Recognizing Your Partner's Sleep Apnea
Do you believe you and your partner may be suffering from sleep apnea? The condition is known to cause a disruption in the way a person breathes while resting at night, making it far more difficult to sleep properly and get the right amount of rest at night. If it is something you are concerned about, there are some things you should know about the condition in advance.
The Signs and Symptoms
Recognizing the signs and symptoms of sleep apnea is important. If you believe this is a condition you are suffering from, make a list of the things you have experienced and compare them to the common signs and symptoms of this condition, such as:
· Difficulty getting a good night’s sleep
· Strange and unusual dreams or nightmares
· Feeling tired even after getting many hours of sleep
· Feeling moody and irritable
· Snoring loud enough to bother someone else
These are some of the things to watch out for when trying to determine if sleep apnea is a condition you or your partner might be suffering from. If you have noticed your partner snores loudly throughout the night, there is a chance he or she is experiencing OSA. If you notice even a few of these signs and symptoms, you may have the condition, too. Often times those with OSA can’t recognize the signs as they appear during sleep. If someone you’re sleeping next to displays the above symptoms, it’s easy to dismiss the signs as simply loud snoring. But also listen and look for long gaps between breaths followed by a startling inhale. This can mean the breathing path is obstructed and further diagnoses are necessary.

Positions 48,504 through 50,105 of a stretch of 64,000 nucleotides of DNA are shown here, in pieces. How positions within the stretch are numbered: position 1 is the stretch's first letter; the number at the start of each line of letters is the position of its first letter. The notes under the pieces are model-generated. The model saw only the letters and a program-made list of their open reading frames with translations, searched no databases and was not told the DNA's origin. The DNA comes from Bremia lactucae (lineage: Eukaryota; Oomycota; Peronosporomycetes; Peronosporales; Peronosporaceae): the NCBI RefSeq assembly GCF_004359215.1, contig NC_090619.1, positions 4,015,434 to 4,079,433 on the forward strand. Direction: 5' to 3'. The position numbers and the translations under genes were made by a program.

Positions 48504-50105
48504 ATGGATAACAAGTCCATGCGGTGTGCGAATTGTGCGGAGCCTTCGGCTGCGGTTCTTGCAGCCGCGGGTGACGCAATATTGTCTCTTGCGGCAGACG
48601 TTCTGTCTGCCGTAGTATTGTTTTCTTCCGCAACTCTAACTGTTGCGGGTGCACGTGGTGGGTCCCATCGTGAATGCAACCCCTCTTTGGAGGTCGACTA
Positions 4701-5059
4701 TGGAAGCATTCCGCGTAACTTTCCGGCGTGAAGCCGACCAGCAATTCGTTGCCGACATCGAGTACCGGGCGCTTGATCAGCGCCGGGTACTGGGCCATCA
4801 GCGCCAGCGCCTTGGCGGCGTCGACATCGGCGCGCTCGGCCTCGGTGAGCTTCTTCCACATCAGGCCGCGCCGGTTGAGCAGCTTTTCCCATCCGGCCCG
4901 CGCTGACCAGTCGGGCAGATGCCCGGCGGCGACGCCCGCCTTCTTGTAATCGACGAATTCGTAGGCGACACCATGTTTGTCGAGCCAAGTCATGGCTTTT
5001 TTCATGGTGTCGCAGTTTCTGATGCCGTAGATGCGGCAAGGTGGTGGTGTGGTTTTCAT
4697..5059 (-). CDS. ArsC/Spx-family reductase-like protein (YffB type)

Talking to a Physician About Your Concerns
The best thing to do when feeling concerned about this condition is to seek medical assistance. Consider scheduling an appointment with your physician to discuss the different symptoms you have experienced lately. The physician may not be able to diagnose you with OSA right then and there, but he or she may offer a referral to see a specialist where you can undergo a sleep study. The whole purpose of the sleep study is to figure out what is going on with your body when you are resting at night.
During the study, the physicians monitor a number of different things, including brain activity. They may notice if you have stopped breathing for short periods of time while sleeping, which is yet another possible sign of sleep apnea. The goal of the sleep study is to figure out what is causing the symptoms you are experiencing and provide a diagnosis so that you can look forward to receiving treatment to improve the condition.
Getting Help With Treatment
If you or your partner is diagnosed with OSA, the next step to take is to work on a treatment plan that is customized specifically for you or your partner. The treatment may include options that the diagnosed person will have primary control over, such as losing weight and altering sleep patterns and positions. If you start shedding pounds at a healthy pace due to healthy eating and exercising, you may notice you are not experiencing nearly as many symptoms. If a surgical procedure is necessary to improve the condition, the physician will let you know.
Recognizing sleep apnea for yourself or your partner is important. The best thing to do is keep a list of symptoms, visit a physician and ultimately undergo a sleep study to get the process started. Even if you are diagnosed with this disorder, the good news is that treatment options are available and many of those options are extremely effective.
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